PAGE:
Cathepsin S is considered crucial for normal presentation of major histocompatibility complex (MHC) class II-restricted antigens by antigen presenting cells to CD4+ T cells. It is a key enzyme for the degradation of the class II-associated invariant chain, a process that is required for effective antigen loading of class II molecules. Here, we report a selective, orally available, high-affinity cathepsin S inhibitor, 1-[3-[4-(6-Chloro-2,3-dihydro-3-methyl-2-oxo-1H-benzimidazol-1-yl)-1-piperidinyl]propyl]-4,5,6,7-tetrahydro-5-(methylsulfonyl)-3-[4-(trifluoromethyl)phenyl]-1H-pyrazolo[4,3-c]pyridine. (JNJ 10329670), that represents a novel class of immunosuppressive compounds. JNJ 10329670 is a highly potent (Ki of approximately 30 nM), nonpeptidic, noncovalent inhibitor of human cathepsin S, but it is much less active against the mouse, dog, monkey, and bovine enzymes. The compound is inactive against other proteases, including the closely related cathepsins L, F, and K. This selectivity makes JNJ 10329670 an excellent tool for exploring the role of cathepsin S in human systems. Treatment of human B cell lines and primary human dendritic cells with JNJ 10329670 resulted in the accumulation of the p10 fragment of the invariant chain (IC50 of approximately 1 microM). In contrast, inhibition of invariant chain proteolysis was much less effective in a human monocytic cell line, suggesting that other enzymes may degrade the invariant chain in this cell type. JNJ 10329670 was shown to block the proteolysis of the invariant chain in vivo by using immunocompromised mice injected with human peripheral blood mononuclear cells (PBMCs). Furthermore, this inhibitor blocks the presentation of tetanus toxoid and giant ragweed by human PBMCs. The properties of JNJ 10329670 make it a candidate for immunosuppressive therapy of allergies and autoimmune diseases.
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http://dx.doi.org/10.1124/jpet.103.056879DOI Listing
January 2004

The first potent and selective non-imidazole human histamine H4 receptor antagonists.

J Med Chem 2003 Sep;46(19):3957-60

Johnson & Johnson Pharmaceutical Research and Development, L.L.C, 3210 Merryfield Row, San Diego, California 92121, USA.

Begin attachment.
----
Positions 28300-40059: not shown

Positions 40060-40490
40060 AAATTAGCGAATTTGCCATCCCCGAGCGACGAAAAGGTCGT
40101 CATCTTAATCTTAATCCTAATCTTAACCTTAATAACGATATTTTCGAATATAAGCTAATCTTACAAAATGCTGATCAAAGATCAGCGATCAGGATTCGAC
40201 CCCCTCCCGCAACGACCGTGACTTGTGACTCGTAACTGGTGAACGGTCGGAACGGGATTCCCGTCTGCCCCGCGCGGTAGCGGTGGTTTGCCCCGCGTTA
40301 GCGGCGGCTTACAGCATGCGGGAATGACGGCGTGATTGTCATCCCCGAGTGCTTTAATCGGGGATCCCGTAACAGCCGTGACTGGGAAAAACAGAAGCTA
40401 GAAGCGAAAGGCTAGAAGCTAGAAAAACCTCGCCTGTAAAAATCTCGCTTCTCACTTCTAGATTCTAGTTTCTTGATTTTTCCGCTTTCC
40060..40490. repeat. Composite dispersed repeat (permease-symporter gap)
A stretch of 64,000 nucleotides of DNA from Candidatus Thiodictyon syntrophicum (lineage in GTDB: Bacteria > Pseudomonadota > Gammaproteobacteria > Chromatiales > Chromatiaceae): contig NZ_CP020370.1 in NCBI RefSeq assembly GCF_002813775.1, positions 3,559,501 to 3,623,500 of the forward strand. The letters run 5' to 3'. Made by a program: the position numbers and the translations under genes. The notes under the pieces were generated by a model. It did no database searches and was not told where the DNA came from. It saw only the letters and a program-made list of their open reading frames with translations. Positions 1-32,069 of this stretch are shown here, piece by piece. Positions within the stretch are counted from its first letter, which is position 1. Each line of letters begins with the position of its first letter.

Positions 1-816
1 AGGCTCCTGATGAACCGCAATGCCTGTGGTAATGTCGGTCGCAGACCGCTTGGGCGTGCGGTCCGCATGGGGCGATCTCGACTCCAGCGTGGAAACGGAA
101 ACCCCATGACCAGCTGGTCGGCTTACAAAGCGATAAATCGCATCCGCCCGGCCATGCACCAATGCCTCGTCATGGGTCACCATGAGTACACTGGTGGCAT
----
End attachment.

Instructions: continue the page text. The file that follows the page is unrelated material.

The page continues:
Following the discovery of the human histamine H4 receptor, a high throughput screen of our corporate compound collection identified compound 6 as a potential lead. Investigation of the SAR resulted in the discovery of novel compounds 10e and 10l, which are the first potent and selective histamine H4 receptor antagonists to be described.
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http://dx.doi.org/10.1021/jm0341047DOI Listing
September 2003

Cloning, expression, purification, and activity of dog (Canis familiaris) and monkey (Saimiri boliviensis) cathepsin S.

Protein Expr Purif 2003 Mar;28(1):93-101

Johnson and Johnson Pharmaceutical Research and Development, 3210 Merryfield Row, San Diego, CA 92121, USA.

Cathepsin S is the key protease responsible for the removal of the invariant chain from MHC class II molecules and, as such, has attracted much attention as a target for developing immunosuppressive drugs. To help in testing candidate compounds, the monkey (Saimiri boliviensis) and dog (Canis familiaris) cathepsin S cDNAs have been cloned. The monkey cDNA sequence encodes a 330 amino acid protein with 95% homology to human cathepsin S. The dog cDNA sequence encodes a 331 amino acid protein with 91% homology to human cathepsin S. The amino acid differences do not have a major effect on the hydrolysis of the substrate Z-VVR-AMC, but may affect the substrate specificity. As for human and bovine cathepsin S, activity against Z-VVR-AMC extends into the neutral pH range. These parameters are important for understanding the role of cathepsin S in different species and for testing inhibitors in animal models of autoimmunity.
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http://dx.doi.org/10.1016/s1046-5928(02)00646-0DOI Listing
March 2003